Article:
Getting the most out of exams

Getting the most out of exams
Girl playing the fluteAt some time or another, most of the pupils I teach (including adults) want to get an independent assessment of their progress – an exam. With another session of exams just round the corner, what can you do to get the most out of the experience?


Firstly, find out in plenty of time when the session and closing dates are and work towards these. Exams usually take place three times a year in February/March, June/July and November/December. The closing dates for entries are usually about six weeks before the  first exam in the session. It’s worth remembering that the sessions come round quite quickly. With my own flute, piano and singing pupils here in Lichfield, we’re already thinking about exams in the summer – the closing date is just after Easter which leaves only about 10 lessons.

Secondly, be very clear what the requirements are. Either get a copy of the syllabus (the requirements are printed inside the cover of some exam books too) or make a bullet point list – stick it up somewhere prominent. Keep an eye on it as you prepare, particularly if you don’t have a teacher or if you’re not having regular lessons. Set some targets too – if, for example, there are a lot of scales then divide them up early on to learn.

In most exams there are likely to be three pieces (four for Grades 6-8 Singing), scales and arpeggios (an unaccompanied traditional song if you’re a singer), sight-reading/singing and aural tests. Make sure that you don’t leave some elements until the last minute. It’s easy to think “oh, aural’s only worth 18 marks..” but so often, it is the scores in the supporting tests which can tip the balance between a pass and a merit, or a merit and a distinction. If you have a weakness in one of the aural tests for example, identify it early on.

Do try wherever possible to play or sing your pieces to other people in the run-up to the exam itself. This might be to friends or family, or at small informal performances or concerts. In my experience, it’s not good to go into an exam situation having never played them to anyone other than your teacher. You can also record or even video your performances which gives a surprisingly realistic simulation of exam conditions.

The exam itself

Above all, enjoy it! I know that’s easy to say, but overall, taking an exam should be a positive experience (even if you’re a nervous wreck on the day!). There are a few things you can do to make sure that the exam itself is as stress-free as possible.

Don’t leave things until the last minute; I know that when you start your preparations, the exam probably seems an age away, but it’ll be here before you know it. Know where the venue is and how to get there – if you’re not sure, it’s worth making a dummy run before the day to check out routes and parking etc. Leave plenty of time to get to the venue too – there’s nothing more stressful than sitting in a traffic jam watching the minutes tick away.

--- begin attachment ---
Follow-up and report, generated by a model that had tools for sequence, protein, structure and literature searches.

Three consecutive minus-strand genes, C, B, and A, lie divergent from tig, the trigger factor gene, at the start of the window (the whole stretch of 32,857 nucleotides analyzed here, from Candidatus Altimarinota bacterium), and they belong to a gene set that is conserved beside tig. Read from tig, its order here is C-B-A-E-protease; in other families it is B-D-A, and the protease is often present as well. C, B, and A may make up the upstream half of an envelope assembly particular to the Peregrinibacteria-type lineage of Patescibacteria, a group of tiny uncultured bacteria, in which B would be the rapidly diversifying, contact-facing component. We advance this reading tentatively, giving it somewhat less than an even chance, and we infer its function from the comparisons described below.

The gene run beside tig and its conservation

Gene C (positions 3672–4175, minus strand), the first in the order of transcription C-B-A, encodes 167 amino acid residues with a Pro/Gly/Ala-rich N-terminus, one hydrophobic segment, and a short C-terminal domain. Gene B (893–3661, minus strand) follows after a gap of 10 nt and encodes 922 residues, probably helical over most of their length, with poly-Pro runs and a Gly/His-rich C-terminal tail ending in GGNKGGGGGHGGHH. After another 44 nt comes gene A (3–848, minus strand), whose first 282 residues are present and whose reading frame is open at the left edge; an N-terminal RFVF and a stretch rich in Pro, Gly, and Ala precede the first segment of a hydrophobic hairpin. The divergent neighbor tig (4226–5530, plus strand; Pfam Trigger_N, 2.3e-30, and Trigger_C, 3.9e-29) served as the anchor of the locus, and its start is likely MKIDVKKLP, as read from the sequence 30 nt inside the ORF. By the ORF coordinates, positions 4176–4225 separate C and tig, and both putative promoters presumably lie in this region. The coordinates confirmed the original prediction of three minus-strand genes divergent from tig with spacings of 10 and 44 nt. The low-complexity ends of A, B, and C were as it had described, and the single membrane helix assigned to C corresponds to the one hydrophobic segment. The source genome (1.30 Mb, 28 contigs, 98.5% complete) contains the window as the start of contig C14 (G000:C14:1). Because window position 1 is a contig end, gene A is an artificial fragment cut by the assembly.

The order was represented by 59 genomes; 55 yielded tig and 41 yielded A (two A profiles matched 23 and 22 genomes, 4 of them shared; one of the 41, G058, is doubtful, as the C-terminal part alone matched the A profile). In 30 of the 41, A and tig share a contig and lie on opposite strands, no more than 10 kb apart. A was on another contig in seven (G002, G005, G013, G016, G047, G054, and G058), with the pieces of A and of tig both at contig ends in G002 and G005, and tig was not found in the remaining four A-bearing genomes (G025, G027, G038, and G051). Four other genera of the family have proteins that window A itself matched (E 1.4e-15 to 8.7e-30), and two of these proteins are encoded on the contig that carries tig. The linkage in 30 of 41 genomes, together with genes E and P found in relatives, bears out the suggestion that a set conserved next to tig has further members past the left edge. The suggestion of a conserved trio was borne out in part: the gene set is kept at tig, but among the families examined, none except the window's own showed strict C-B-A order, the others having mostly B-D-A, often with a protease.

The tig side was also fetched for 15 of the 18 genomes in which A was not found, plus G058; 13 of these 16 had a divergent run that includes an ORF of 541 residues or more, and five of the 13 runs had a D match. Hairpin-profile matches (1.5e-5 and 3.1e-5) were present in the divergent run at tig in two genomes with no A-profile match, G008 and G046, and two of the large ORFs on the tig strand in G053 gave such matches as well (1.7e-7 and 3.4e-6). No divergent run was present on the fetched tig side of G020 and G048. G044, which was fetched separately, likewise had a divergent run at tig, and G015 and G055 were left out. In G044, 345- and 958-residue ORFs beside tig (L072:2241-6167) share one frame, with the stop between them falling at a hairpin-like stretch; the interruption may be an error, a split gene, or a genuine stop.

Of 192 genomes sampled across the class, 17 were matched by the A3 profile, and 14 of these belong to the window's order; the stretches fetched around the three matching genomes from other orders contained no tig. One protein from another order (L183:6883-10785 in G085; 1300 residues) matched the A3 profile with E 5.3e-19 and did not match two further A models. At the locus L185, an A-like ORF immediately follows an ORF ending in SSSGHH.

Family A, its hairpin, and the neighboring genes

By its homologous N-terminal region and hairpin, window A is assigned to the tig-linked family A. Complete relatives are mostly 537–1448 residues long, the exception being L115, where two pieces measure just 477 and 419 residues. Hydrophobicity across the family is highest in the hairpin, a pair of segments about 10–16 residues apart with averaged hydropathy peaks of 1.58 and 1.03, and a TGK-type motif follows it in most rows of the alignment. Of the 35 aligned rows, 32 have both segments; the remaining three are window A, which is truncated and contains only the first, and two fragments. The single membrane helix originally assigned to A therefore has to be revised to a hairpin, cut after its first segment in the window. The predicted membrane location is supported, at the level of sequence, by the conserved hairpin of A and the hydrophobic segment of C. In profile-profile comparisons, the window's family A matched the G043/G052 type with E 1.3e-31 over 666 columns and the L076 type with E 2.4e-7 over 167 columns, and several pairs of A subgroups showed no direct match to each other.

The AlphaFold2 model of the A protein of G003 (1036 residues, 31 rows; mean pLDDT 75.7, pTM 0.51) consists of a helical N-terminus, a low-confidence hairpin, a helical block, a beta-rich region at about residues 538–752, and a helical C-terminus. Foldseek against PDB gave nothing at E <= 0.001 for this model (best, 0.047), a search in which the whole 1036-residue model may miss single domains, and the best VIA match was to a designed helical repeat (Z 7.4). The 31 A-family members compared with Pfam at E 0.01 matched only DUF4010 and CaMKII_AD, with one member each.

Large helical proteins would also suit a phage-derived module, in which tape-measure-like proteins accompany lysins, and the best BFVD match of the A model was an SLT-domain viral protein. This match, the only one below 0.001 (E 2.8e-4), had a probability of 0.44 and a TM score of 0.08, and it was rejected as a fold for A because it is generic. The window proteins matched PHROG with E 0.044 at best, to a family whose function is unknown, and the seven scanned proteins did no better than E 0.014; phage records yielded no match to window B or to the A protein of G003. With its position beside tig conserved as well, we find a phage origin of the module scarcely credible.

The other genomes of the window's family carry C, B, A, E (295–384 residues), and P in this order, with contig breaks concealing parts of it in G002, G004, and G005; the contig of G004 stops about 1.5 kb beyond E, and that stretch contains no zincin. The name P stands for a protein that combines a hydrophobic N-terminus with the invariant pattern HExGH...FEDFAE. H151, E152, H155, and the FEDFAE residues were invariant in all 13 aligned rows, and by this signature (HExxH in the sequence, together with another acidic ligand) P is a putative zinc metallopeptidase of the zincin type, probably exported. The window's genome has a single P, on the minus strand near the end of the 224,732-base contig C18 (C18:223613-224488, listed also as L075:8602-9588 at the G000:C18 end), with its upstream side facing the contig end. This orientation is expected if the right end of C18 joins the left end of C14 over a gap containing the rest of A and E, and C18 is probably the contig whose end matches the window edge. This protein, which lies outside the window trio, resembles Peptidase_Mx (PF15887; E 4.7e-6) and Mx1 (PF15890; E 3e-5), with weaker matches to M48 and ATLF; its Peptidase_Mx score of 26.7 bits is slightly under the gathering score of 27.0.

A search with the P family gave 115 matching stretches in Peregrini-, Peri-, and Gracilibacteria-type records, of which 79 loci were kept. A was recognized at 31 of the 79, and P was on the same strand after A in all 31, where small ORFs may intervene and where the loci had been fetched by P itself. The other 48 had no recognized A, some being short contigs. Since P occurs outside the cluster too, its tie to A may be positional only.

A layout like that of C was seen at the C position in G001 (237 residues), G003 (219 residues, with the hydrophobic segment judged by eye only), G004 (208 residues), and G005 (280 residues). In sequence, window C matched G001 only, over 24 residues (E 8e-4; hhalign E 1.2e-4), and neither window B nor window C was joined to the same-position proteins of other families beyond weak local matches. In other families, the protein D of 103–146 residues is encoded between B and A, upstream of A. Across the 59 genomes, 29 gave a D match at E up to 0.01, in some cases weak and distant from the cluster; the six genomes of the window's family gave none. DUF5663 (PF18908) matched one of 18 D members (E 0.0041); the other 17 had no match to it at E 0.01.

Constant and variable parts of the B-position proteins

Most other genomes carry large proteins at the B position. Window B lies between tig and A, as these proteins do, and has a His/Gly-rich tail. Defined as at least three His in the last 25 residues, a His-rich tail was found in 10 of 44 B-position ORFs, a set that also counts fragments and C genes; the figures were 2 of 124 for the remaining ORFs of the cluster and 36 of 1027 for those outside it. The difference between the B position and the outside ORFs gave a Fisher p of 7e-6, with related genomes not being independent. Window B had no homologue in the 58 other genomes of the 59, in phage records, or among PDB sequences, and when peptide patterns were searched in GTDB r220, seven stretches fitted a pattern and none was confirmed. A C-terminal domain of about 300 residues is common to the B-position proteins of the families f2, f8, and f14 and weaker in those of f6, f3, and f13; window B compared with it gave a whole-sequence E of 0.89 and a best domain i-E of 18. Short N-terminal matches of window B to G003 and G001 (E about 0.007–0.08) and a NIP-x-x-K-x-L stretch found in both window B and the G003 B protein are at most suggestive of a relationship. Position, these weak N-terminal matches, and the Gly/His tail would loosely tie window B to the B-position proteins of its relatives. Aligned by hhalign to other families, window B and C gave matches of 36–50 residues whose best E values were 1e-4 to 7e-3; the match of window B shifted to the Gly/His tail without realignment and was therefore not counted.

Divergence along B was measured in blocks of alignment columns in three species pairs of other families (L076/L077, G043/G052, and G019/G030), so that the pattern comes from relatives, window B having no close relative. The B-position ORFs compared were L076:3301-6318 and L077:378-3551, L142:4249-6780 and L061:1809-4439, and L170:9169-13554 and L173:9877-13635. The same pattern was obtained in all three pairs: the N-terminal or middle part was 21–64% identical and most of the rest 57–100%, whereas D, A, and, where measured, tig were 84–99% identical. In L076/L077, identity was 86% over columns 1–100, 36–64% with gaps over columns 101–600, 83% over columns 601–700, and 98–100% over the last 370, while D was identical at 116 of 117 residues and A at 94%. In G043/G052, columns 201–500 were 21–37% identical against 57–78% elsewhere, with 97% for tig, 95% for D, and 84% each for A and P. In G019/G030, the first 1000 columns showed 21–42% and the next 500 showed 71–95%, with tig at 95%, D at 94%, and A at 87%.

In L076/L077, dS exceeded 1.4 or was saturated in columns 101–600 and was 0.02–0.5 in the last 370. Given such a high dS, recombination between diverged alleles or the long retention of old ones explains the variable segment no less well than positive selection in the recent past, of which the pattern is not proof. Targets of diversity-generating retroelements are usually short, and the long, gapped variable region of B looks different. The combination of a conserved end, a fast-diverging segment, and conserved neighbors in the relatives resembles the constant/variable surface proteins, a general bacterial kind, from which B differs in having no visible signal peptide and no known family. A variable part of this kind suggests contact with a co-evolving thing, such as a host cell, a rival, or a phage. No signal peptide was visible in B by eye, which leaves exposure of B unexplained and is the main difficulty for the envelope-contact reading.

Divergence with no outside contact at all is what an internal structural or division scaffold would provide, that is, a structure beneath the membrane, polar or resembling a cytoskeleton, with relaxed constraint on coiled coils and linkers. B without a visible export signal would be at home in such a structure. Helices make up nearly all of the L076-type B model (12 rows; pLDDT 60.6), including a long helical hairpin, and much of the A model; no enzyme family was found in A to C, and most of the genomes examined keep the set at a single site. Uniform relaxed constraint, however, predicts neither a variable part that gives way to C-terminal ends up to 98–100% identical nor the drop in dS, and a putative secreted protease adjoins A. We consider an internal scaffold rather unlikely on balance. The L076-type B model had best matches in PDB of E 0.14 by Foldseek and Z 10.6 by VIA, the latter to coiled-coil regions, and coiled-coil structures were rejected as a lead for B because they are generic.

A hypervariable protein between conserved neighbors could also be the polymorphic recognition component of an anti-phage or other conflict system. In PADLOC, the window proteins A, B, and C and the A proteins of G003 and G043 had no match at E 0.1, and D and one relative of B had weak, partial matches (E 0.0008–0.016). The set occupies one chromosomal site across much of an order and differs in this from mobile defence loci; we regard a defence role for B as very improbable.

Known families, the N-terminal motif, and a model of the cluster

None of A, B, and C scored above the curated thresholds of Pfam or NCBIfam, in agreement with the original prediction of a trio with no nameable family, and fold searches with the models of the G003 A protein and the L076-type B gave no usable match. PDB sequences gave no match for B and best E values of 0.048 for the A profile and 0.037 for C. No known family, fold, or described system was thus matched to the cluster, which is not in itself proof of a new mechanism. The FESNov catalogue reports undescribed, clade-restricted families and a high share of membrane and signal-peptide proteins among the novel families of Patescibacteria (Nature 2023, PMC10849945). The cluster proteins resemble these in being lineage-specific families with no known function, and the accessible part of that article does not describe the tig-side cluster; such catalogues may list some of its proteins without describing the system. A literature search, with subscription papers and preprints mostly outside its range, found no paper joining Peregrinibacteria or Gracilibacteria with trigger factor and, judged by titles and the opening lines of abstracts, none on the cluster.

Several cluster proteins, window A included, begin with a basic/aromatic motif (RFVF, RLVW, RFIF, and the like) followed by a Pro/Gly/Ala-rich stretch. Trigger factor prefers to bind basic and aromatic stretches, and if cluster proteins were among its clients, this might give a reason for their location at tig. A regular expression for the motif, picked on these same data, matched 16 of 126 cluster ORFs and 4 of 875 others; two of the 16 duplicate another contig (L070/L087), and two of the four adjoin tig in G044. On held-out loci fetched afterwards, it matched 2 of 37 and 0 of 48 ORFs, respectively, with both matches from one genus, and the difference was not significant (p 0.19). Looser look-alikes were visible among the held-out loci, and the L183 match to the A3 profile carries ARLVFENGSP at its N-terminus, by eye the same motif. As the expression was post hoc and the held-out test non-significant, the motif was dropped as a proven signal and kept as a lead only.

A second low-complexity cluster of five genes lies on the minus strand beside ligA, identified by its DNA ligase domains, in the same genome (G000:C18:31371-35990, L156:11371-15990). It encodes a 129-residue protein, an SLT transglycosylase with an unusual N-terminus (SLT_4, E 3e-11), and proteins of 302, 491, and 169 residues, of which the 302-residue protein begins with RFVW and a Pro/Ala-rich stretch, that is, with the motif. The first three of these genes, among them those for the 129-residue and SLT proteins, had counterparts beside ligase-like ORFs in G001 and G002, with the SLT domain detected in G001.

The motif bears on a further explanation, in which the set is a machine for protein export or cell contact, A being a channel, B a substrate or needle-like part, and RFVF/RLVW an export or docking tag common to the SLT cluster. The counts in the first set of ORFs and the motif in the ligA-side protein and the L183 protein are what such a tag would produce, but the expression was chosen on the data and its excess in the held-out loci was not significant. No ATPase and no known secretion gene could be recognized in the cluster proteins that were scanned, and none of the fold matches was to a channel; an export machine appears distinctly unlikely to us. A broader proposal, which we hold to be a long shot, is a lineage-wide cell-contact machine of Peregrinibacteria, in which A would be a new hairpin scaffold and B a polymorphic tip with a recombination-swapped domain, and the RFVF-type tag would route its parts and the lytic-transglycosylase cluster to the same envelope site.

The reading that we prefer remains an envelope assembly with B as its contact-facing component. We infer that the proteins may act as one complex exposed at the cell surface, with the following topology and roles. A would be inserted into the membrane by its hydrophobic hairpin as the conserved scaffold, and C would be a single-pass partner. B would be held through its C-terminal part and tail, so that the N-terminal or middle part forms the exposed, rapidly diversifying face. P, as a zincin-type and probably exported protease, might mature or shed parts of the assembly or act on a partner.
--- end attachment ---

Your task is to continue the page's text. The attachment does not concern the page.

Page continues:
The night before the exam, get together any books or instruments you need. Generally, I suggest to my pupils not to practise the night before or on the day of the exam – to put it bluntly, if you don’t know it by then, it’s a bit late (and there’s nothing worse than a bad ‘dress rehearsal’ the night before’!) Try and warm up before you go to the exam – this is particularly important for singers, but for other instrumentalists too. Not all exam venues have a warm-up room and you definitely wouldn’t want to go into the exam ‘cold’.

Also remember that hard as it might seem, the examiner does want you to pass (it’s in the Board’s interest because you’re likely to enter for the next exam, pay the higher fee etc. etc…sorry…I’m very cynical!). The examiner is human too – I go to great lengths to remind my pupils to say “Hello” on the way in and “Goodbye” on the way out!  Once you’re in there, all you can do is your best. If you make a mistake, keep going – contrary to popular belief, going back and correcting the mistake doesn’t cancel out the original one. Just keep going and keep focussed – someone who goes back to correct mistakes will always get lower marks than someone who keeps going.

After the exam

Once it’s done, it’s done and you can’t do anything about it. When you come out, you’ll probably be thinking about all the things which went wrong rather than the majority which went right – this is perfectly normal. Try to avoid lengthy post-mortems – what’s done is done. Just sit back, keep playing, and inevitably, wait for the result to come!

Above all, the result and the comments are only a snapshot of your playing. They are not a reflection on your enjoyment of playing the instrument which should never change whatever the result.

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